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Colloquium “Herder’s Reading of Sophocles: On Pain, Language and Sympathy”

12 December 2019 @ 15:00 - 17:00

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Colloquium Geschiedenis van de Filosofie, Universiteit Utrecht   “Herder’s Reading of Sophocles: On Pain, Language and Sympathy”   Ilit Ferber Tel-Aviv University   Iedereen is welkom!   Date: Thursday December 12th, 15:00-17:00 Venue: van Ravesteynzaal, Kromme Nieuwe Gracht 80 (1e verdieping), Utrecht   Abstract: In his “Treatise on the Origin of Language” (1772) Herder presents the origin of language in what he calls “a language of sensations” comprised of cries, moans and other immediate expressions of sensations and passions. According to Herder, the origin of language lies in pain’s immediate expression in a cry,…
Colloquium Geschiedenis van de Filosofie, Universiteit Utrecht   "Herder's Reading of Sophocles: On Pain, Language and Sympathy"   Ilit Ferber Tel-Aviv University   Iedereen is welkom!   Date: Thursday December 12th, 15:00-17:00 Venue: van Ravesteynzaal, Kromme Nieuwe Gracht 80 (1e verdieping), Utrecht   Abstract: In his "Treatise on the Origin of Language" (1772) Herder presents the origin of language in what he calls “a language of sensations” comprised of cries, moans and other immediate expressions of sensations and passions. According to Herder, the origin of language lies in pain’s immediate expression in a cry, in both man and animal, and in the immediacy with which we hear and feel the pain of others. Interestingly, Herder accompanies this argument with a short reference to the Greek hero Philoctetes as presented in Sophocles’ dramatic version of the story. Philoctetes is a figure whose identity is characterized, perhaps even defined, by his terrible cries of pain and abiding isolation, however, his story is also a story about the possibility (or impossibility) of sympathy towards the pain of another. In my talk, I elaborate on Herder’s reference to Philoctetes and provide a close reading of the play in light of Herder’s theory of language, pain and sympathy. By bringing Herder and Sophocles together, I demonstrate the forceful relationship between a philosophical argument and a literary figure.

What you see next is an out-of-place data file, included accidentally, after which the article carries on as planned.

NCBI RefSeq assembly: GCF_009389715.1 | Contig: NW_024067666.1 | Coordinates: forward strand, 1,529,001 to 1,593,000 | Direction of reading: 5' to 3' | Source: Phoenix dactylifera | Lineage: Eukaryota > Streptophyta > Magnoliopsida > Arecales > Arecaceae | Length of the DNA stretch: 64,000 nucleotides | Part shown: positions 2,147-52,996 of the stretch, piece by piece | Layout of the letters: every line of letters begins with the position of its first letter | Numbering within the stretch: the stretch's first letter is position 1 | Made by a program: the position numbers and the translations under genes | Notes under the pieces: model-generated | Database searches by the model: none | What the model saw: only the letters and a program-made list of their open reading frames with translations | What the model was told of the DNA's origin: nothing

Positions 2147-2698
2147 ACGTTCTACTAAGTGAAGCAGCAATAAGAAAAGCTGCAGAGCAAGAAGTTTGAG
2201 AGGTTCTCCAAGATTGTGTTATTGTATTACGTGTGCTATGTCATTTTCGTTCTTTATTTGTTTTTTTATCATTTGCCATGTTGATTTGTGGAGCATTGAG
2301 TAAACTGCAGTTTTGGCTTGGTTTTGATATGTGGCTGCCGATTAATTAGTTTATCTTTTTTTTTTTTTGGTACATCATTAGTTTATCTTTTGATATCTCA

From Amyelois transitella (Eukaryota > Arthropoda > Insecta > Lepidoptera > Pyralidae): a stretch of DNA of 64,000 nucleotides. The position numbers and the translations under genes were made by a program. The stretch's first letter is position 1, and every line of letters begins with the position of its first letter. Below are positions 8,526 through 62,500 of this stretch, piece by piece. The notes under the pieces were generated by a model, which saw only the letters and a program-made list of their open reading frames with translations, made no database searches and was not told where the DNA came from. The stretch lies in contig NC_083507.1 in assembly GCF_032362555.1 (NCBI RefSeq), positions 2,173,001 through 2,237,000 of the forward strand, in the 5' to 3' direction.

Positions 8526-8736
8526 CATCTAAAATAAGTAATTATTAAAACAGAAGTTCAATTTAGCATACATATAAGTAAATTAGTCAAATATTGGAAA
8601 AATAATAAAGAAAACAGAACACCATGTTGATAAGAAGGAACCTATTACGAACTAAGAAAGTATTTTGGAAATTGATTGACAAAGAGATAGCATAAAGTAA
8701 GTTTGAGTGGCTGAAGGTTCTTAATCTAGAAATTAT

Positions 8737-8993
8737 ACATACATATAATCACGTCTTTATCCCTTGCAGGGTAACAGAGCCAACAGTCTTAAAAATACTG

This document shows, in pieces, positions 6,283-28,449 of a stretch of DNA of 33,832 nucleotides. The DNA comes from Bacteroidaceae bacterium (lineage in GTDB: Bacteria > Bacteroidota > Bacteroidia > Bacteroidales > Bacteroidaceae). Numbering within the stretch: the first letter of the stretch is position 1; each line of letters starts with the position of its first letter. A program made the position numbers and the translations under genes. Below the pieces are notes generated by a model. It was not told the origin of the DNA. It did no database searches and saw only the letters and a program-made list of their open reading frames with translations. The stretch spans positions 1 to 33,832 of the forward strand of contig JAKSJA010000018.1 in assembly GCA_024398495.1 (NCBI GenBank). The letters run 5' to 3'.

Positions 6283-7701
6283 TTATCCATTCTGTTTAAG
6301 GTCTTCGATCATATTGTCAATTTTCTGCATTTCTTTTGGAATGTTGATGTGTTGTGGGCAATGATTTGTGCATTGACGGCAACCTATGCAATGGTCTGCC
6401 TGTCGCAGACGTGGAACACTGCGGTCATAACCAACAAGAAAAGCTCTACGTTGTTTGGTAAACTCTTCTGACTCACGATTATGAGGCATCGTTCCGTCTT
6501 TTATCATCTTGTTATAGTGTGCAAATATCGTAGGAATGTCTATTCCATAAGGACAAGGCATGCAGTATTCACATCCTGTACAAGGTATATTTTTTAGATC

Details

Date:
12 December 2019
Time:
15:00 - 17:00

Colloquium Geschiedenis van de Filosofie, Universiteit Utrecht

 

“Herder’s Reading of Sophocles: On Pain, Language and Sympathy”

 

Ilit Ferber

Tel-Aviv University

 

Iedereen is welkom!

 

Date: Thursday December 12th, 15:00-17:00

Venue: van Ravesteynzaal, Kromme Nieuwe Gracht 80 (1e verdieping), Utrecht

 

Abstract:

In his “Treatise on the Origin of Language” (1772) Herder presents the origin of language in what he calls “a language of sensations” comprised of cries, moans and other immediate expressions of sensations and passions. According to Herder, the origin of language lies in pain’s immediate expression in a cry, in both man and animal, and in the immediacy with which we hear and feel the pain of others. Interestingly, Herder accompanies this argument with a short reference to the Greek hero Philoctetes as presented in Sophocles’ dramatic version of the story. Philoctetes is a figure whose identity is characterized, perhaps even defined, by his terrible cries of pain and abiding isolation, however, his story is also a story about the possibility (or impossibility) of sympathy towards the pain of another. In my talk, I elaborate on Herder’s reference to Philoctetes and provide a close reading of the play in light of Herder’s theory of language, pain and sympathy. By bringing Herder and Sophocles together, I demonstrate the forceful relationship between a philosophical argument and a literary figure.

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